It is no secret that humans love stories. This love affair begins at an early age and continues through our lives. Stories are fun and creative and offer us a break from real life. We might have had the worst day ever, but it at least it didn’t involve zombies… Humankind’s love affair with stories stretches back through the ages and we find evidence of this love of stories mixed in with evidence of our ancient ancestors.
It would be enough that stories can offer a fun escape, but in truth stories serve three very important purposes key to the survival of humanity. That’s right, I’m arguing that stories are essential to our existence.
Stories have always been an useful way to teach us things about ourselves and our world. Teachers, religious leaders, and salespeople all recognize that stories help us remember and connect with the ideas they share. In less settled times and places, stories are key to teaching children what to fear or avoid as well as key survival skills. This is still true today even if the stories are less about avoiding huge reptiles and more about making friends. Stories are also a wonderful way to celebrate and record our past. It is always important to remember where we came from and the people and events that shaped who we are today. However, perhaps the most important lesson that stories teach us is how to be human. Stories teach us empathy by helping us experience the lives and emotions of others. Stories show us how to cope with tragedy and loss and all the other challenges that the world and life throw at us.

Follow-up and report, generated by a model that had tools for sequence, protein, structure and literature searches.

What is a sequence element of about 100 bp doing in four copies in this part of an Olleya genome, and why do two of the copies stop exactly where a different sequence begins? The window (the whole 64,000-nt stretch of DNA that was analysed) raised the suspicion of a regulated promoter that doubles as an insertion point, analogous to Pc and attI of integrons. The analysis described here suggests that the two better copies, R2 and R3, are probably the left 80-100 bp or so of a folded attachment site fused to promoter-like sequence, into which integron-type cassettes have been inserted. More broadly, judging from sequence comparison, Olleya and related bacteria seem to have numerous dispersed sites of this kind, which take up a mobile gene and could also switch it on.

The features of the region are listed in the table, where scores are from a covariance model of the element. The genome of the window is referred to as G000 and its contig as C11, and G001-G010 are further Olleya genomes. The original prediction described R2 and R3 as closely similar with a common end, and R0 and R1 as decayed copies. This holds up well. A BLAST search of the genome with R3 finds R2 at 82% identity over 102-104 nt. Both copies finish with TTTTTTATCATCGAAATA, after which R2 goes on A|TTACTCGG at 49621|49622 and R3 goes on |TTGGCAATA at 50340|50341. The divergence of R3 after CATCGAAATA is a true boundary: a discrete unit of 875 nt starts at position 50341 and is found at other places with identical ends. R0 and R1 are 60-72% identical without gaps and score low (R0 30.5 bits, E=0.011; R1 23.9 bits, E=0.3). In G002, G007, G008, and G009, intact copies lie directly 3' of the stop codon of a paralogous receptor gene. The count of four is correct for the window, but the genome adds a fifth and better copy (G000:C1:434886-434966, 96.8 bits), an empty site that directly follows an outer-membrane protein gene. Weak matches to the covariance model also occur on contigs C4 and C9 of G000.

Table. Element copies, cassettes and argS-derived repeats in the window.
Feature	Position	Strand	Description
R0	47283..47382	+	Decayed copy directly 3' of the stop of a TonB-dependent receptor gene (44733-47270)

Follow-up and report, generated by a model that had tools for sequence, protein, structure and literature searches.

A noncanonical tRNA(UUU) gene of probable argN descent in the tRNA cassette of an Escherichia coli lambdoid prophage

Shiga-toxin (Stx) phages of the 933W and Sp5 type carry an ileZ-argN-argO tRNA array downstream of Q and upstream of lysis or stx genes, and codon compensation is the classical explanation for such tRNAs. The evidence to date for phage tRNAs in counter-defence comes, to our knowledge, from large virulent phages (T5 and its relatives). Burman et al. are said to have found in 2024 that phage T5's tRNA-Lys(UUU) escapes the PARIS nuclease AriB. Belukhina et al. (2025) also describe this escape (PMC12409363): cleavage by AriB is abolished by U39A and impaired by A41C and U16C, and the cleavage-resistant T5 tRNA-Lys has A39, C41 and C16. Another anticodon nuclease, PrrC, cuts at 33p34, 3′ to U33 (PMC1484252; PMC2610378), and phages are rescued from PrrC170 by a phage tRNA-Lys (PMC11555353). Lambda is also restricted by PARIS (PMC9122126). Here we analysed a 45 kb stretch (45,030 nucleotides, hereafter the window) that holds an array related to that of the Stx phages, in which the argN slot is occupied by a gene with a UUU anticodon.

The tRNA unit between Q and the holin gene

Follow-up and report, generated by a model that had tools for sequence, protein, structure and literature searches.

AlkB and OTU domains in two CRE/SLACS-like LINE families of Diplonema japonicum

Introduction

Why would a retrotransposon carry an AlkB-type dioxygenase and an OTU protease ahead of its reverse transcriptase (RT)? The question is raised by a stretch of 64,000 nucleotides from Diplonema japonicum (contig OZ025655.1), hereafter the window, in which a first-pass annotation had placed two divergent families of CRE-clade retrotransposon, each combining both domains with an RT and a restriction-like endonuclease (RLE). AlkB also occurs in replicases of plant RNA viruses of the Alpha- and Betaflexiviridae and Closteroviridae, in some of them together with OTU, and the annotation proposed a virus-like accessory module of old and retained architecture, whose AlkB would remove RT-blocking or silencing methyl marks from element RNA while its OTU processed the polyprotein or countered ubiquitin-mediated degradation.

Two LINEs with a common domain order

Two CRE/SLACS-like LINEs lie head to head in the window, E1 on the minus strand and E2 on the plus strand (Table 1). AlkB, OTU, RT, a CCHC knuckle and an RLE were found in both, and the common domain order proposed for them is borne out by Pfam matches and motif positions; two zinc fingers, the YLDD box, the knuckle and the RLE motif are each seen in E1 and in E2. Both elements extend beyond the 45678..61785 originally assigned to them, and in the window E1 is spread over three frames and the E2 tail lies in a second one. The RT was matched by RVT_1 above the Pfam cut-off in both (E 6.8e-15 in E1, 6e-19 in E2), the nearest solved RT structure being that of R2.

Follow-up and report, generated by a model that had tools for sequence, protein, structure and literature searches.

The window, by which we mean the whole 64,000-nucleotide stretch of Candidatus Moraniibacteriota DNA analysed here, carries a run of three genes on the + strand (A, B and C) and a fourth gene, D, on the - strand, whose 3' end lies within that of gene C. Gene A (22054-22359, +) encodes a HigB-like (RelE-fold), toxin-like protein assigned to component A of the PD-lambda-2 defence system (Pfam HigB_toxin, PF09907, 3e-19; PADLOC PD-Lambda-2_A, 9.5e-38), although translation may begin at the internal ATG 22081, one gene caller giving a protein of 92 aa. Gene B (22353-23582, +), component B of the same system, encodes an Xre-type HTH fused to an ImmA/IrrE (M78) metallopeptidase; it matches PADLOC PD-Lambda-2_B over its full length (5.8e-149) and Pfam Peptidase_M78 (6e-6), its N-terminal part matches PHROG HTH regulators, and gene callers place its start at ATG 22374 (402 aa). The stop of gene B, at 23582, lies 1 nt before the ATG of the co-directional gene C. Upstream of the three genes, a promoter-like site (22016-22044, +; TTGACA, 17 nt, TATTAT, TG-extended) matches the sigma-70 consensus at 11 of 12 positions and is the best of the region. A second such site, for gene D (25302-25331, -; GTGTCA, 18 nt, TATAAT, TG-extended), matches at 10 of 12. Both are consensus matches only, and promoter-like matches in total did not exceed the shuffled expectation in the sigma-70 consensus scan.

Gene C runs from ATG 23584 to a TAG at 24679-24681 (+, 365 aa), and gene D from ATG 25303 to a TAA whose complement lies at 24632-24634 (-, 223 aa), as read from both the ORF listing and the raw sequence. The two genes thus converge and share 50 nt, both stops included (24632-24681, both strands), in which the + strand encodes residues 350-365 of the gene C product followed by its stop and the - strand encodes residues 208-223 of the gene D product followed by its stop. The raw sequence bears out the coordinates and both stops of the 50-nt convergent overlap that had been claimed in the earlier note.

As a result of the myriad ways stories teach us, stories also inspire us to do more and to be more. Through the stories of others’ lives we can see examples of worthy and unworthy goals and aspirations as well as the consequences of pursuing them. We can experience distance places and times. We can contemplate tricky ethical questions without the least risk to ourselves or others. We can experience the lives of others to better understand ourselves. All these experiences challenge us to think more deeply about our own motivations and actions.
Stories also unite us. We can connect through stories, because there are many universal stories, archetypes, which cross cultural boundaries. Similarly, we can recognize ourselves and those around us in these stories. Stories provide a common ground where we can connect and bond whether over the campfire or the water cooler. We create community by sharing our stories. Once we have heard the stories of others then they cannot go back to being strangers and these other humans become less “other” and more “us.” Once we understand the stories that shape others’ thinking and being then we are closer to understanding the humans themselves.
Stories are important to us because they teach, they inspire, and they unite. Do you believe that stories are important? Can you think of other reasons why stories are important?
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